MAN WINS $8.2 MILLION IN DAMAGES
BATON ROUGE ADVOCATE
By: Christopher Baughman
Date January 20, 1999
Exxon Corp. and nine other companies must pay more than 8 million to a man that claims his lungs were damaged while cleaning up a North Baton Rouge hazardous waste site, a jury decided Tuesday.
______________’s award includes more than $3.2 million in compensatory damages and $5 million in punitive damages.
The Louisiana Legislature abolished punitive damages for hazardous waste suits in 1996, said Locke Meredith, one of _________’s attorneys. But _________’s case qualified for punitive damages, which are meant to punish a defendant for wrongful conduct, because he suffered his injuries in 1987.
After the verdict in State District Court, the 47 year old _________ said he felt relief only because the 2- week trial had ended.
“Moneys not going my health back” said _________, who contends his lungs have hardened and lost their elasticity from exposure to chemicals. “But I’m happy the jury saw it my way and punished the chemical companies for what they have done”, he said.
John Schwab, who represented Exxon Corp. And the other defendants, said he did not know how the companies would divide payment of the award.
“I know that Exxon has the biggest share,” he said.
But Schwab added that he expects his clients to appeal the verdict.
The hazardous waste site is on Brooklawn Drive in north Baton Rouge between Highway 61 and the Mississippi River. It is a Federal Superfund site, which means it’s on a priority list for cleanups.
In the 1960’s and 70’s, Petro Processors of Louisiana Inc. A now defunct firm, owned and operated the Brooklawn site and another on Scenic Hwy. Said John deGravelles, another of _________’s attorneys.
Petro Processors hauled chemicals from Exxon and other companies and dumped them into lagoons there.
In 1980 The Environmental Protection Agency sued Petro Processors and the companies whose chemicals were dumped at the site, he said.
The EPA suit was settled in 1984 with the chemical companies agreeing to clean up the site, deGravelles said.
The first cleanup plan called for mixing the hazardous materials with lime and sucking out the water until a solid formed, deGravelles said. The solid material was to be taken out and put into an underground vault.
The solidification method was tried only about 25 times during the late 1987 and didn’t work deGravelles said.
_________ who worked as a night supervisor on 17 of those attempts, suffered lung damage from breathing new chemicals that formed when the lime was mixed with the hazardous material, Meredith said. “Some of this stuff, you couldn’t smell until it hurt you”, he said.
And when _________ had time to don safety equipment for breathing, it wasn’t good enough to protect him, Meredith said.
On Tuesday, deGravelles reminded the jury that _________’s treating physician testified a mark on _________’s lungs from a 1988 X-ray “more likely than not” came from exposure to chemicals at the site.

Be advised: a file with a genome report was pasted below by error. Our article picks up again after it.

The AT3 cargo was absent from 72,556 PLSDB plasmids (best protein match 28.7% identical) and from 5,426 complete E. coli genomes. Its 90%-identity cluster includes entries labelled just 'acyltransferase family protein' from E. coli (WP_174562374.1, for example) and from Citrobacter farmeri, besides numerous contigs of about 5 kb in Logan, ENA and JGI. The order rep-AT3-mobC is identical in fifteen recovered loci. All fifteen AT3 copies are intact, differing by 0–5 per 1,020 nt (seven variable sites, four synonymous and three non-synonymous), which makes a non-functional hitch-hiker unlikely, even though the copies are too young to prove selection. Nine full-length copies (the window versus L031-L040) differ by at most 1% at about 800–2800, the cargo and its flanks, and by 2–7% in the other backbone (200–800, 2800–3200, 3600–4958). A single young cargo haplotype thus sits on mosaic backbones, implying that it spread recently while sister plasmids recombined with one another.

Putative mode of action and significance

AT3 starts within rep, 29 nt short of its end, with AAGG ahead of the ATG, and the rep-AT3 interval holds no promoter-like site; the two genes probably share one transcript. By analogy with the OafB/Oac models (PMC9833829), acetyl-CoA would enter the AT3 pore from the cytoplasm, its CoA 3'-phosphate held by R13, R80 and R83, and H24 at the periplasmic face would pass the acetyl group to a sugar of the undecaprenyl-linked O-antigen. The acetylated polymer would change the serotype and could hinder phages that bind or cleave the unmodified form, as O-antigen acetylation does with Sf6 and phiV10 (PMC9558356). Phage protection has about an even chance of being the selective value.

_________ has lost half the size of his lungs and 40% of their capacity, he said. “The chemicals, did indeed, cause this man’s problems”, deGravelles told the jury during his closing argument.
“The chemicals, did indeed, cause this man’s problems,” deGravelles told the jury during his closing arguments.
But Schwab told jurors that doctors used by the defense testified the streak was probably caused by pleurisy, a disease not related to his job.
Defense doctors said that if _________, who used to smoke two packs of cigarettes daily for 20 years, had lung problems, they didn’t come from working at the site, Schwab said.
_________ tended to be a hypochondriac, was obsessed with his body and saw the opportunity for a big payday by suing the chemical giants, Schwab told the Jury.
_________ also was trained and knew how to use safety equipment, he said. That all adds up to a lack of proof that _________ was injured on the job, Schwab said.
“There is no causation of injury to _________ by any chemicals at the site,” Schwab said.
The jury disagreed, and awarded _________ compensatory damages of more than $3.2 million. Compensatory damages are meant to compensate plaintiffs for their losses.
Jurors also found that _________ was injured through reckless and wanton actions by the chemical companies, setting up a decision over punitive damages.
Schwab told the jury it did not have to award punitive damages.
“It’s discretionary,” he said.
Although deGravelles did not ask for a set amount, he told the jury that Exxon’s profits in 1997 exceeded $8 billion. If a person making $20,000 a year had been reckless and wanton, taking 10 percent from them would be reasonable, deGravelles said.
He urged jurors to “send a message.”
“If you don’t want this kind of conduct to happen again, you have to make a meaningful award,” he told the jury.
A description of the case filed in court in preparation for trial lists the other defendants as American Hoechst Corp., Copolymer Rubber and Chemical Corp., Dow Chemical Co., Ethyl Corp., Rubicon Chemicals Inc., Shell Oil Co., Uniroyal Chemical Co., United States Steel Corp., and NPC Services. NPC Services was formed by the chemical companies to handle the cleanup.
DeGravelles and Meredith also represent more than 200 people who worked at nearby plants and claim to have been injured during the cleanup.
About 50 of those people were in court Tuesday to see the outcome of _________’s trial.